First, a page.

Archbishop 'Failed to Act' on Sex Abuse
By Tony Koch
November 11, 2006
The Anglican Primate of Australia, Archbishop Phillip Aspinall, has been accused of failing to act on evidence of child sexual abuse by the victim of a pedophile priest who was jailed this week.
The Queensland man, who was sexually abused over three years as a teenager by the priest, claimed Archbishop Aspinall did not tell police about an incriminating letter he was sent in 2002 -- just four months after he was appointed head of the Brisbane diocese.
On Thursday, Robert Francis Sharwood, 62, was sentenced in the Brisbane District Court to two years and nine months' jail, suspended after he served a year.
A jury found him guilty of sodomy, allowing sodomy and sexual assault of the victim between 1974 and 1976.
The victim, now a 46-year-old university lecturer, was first abused as a 13-year-old music student when Sharwood was working in Brisbane as a 30-year-old curate.
Evidence was given that Sharwood "groomed" and seduced the boy, picking him up at the bus-stop most school days and having oral and masturbatory sex with him on 300 occasions.
The June 26, 2002 letter, which referred to an incident at a local parish for which Sharwood had apologised to the victim's parents, was sent to Archbishop Aspinall by priest Thomas Hood, who was protesting against Sharwood's sacking as the chaplain at the prestigious Brisbane Anglican private boys school, Churchie, where he had worked since 1985.
In the letter, Canon Hood informed Archbishop Aspinall he had been visited by Sharwood.
Hood wrote that Bishop Ralph Winks and Canon James Warner "investigated the incident that occurred when Robert (Sharwood) was at Sherwood parish which resulted in a good deal of counselling for both Robert and (the victim). "I knew (the victim's) parents very well. They were members of the church and they later forgave Robert.
"There obviously was confession, absolution and restoration. Later I celebrated the wedding service of (the victim) and Robert celebrated the Holy Communion. I am at loss to understand why the mistake which happened so long ago should now be the subject of Robert's dismissal from Churchie as there were no other incidents at any time, to my knowledge."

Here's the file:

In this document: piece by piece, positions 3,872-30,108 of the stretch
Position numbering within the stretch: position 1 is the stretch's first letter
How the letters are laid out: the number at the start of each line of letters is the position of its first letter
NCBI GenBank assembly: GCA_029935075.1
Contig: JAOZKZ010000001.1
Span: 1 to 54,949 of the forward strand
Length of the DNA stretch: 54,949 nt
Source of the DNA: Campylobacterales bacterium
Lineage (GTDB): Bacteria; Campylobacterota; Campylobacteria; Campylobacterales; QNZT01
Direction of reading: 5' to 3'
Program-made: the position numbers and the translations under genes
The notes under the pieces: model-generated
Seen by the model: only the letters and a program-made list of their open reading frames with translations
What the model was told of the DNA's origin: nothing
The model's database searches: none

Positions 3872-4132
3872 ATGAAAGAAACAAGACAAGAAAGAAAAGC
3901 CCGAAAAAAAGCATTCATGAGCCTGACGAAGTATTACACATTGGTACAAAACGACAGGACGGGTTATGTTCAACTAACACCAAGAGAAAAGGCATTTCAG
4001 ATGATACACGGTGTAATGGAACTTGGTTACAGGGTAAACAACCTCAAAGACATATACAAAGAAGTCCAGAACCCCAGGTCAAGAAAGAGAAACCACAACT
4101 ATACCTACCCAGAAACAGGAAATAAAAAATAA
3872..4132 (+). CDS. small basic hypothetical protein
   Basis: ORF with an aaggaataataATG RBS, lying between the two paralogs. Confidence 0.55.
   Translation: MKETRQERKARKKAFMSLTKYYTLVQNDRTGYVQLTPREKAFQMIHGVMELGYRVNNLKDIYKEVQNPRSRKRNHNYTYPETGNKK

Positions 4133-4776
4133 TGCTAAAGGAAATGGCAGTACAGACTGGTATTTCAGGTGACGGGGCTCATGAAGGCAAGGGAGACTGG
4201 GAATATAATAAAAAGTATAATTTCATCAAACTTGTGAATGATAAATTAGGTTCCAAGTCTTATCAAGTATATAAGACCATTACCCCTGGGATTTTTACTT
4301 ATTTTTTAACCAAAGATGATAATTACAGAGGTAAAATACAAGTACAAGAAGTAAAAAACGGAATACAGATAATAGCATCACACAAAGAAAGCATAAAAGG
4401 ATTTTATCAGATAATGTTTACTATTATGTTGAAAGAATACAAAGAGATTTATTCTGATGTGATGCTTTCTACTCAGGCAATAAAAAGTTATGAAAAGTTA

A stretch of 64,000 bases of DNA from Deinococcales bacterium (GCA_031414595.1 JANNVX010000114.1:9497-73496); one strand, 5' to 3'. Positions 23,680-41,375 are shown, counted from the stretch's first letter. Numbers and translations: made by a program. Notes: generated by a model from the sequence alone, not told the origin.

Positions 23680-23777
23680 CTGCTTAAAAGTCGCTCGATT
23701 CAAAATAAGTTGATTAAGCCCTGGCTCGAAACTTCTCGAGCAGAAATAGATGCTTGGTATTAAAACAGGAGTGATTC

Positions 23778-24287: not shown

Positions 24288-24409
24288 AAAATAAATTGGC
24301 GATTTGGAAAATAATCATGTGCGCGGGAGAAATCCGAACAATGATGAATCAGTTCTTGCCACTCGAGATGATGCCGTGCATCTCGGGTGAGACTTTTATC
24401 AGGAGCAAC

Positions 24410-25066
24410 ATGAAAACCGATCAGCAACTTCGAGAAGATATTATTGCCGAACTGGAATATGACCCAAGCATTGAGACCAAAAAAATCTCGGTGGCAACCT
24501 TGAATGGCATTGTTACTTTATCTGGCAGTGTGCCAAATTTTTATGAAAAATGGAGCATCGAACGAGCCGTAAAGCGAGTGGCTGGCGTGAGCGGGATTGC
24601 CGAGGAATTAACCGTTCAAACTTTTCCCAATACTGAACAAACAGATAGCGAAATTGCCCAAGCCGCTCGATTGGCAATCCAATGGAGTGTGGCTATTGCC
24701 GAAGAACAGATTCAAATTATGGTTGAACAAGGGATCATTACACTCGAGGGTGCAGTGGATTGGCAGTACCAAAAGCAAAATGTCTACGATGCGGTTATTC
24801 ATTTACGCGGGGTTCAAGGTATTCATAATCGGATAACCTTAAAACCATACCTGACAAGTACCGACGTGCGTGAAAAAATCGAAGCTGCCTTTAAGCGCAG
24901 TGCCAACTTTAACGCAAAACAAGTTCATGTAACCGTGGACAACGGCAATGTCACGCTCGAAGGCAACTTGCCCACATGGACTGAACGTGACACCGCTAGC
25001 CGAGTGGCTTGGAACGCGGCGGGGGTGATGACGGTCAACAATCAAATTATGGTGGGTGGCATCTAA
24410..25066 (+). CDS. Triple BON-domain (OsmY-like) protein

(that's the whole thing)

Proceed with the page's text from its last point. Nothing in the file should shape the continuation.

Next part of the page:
Hood and the senior clerics did not report the crime to police.
Archbishop Aspinall - appointed Primate in September last year - yesterday conceded he had not referred the 2002 letter to police, with the victim only learning of its existence 18 months later when he obtained it in the legal discovery process.
But he insisted he and the church had acted in accordance with police requests.
"Police request us to deal with this information in a particular way. They say report the matter to them as soon as it comes to you and hold all the information you have in a file together, keep it secure and when we want the information we will come and get it. That is exactly what we did in this instance," he said.
But the victim, still a churchgoer, said Archbishop Aspinall should have told him about the letter. "Archbishop Aspinall did not disclose in all our meetings that he had that letter.
"It would have been reasonable for him to mention that he had a letter about the abuse and that it said both my parents knew.
"My wife and I did not know that my parents knew.
"Had we known that in 2002, we could have succeeded in our civil action against the church, because my mother was alive then and could have given evidence."
Just four days before receiving Hood's letter, Archbishop Aspinall, in his presidential address to the Synod of the Brisbane diocese, vowed to tackle child sex abuse in the church head on. "The only way we can move on is if we face the hurtful reality of what has happened, extend care and support to those harmed and take steps to ensure as far as possible that it never happens again," he said.
During the trial, Sharwood's lawyers accused the victim's wife, a prominent Queensland rural journalist, of inciting her husband to make a complaint against Sharwood as part of a concerted attack on the church and then Governor-General Peter Hollingworth, who was forced to resign in May 2003 after less than two years in the vice-regal post.
The journalist was instrumental in exposing claims of abuse at an Anglican school in regional Queensland which led to criticisms Dr Hollingworth had failed to act with compassion when confronted with abuse claims.
The Brisbane diocese was ordered to pay a record $834,000 in damages to a former pupil who had suffered abuse at the school in 1990.
Archbishop Aspinall, who replaced Dr Hollingworth as Archbishop of Brisbane in 2002, quickly moved to distance himself from his predecessor who was accused of mishandling sex abuse claims during his 10 years as head of the diocese.
Archbishop Aspinall apologised to victims and conceded his church had not adequately dealt with complaints of abuse, introducing new protocols for reporting sex allegations to police.
Archbishop Aspinall also confirmed yesterday that in recent months the church had received complaints from two other men who also claimed they were abused by Sharwood when they were boys.
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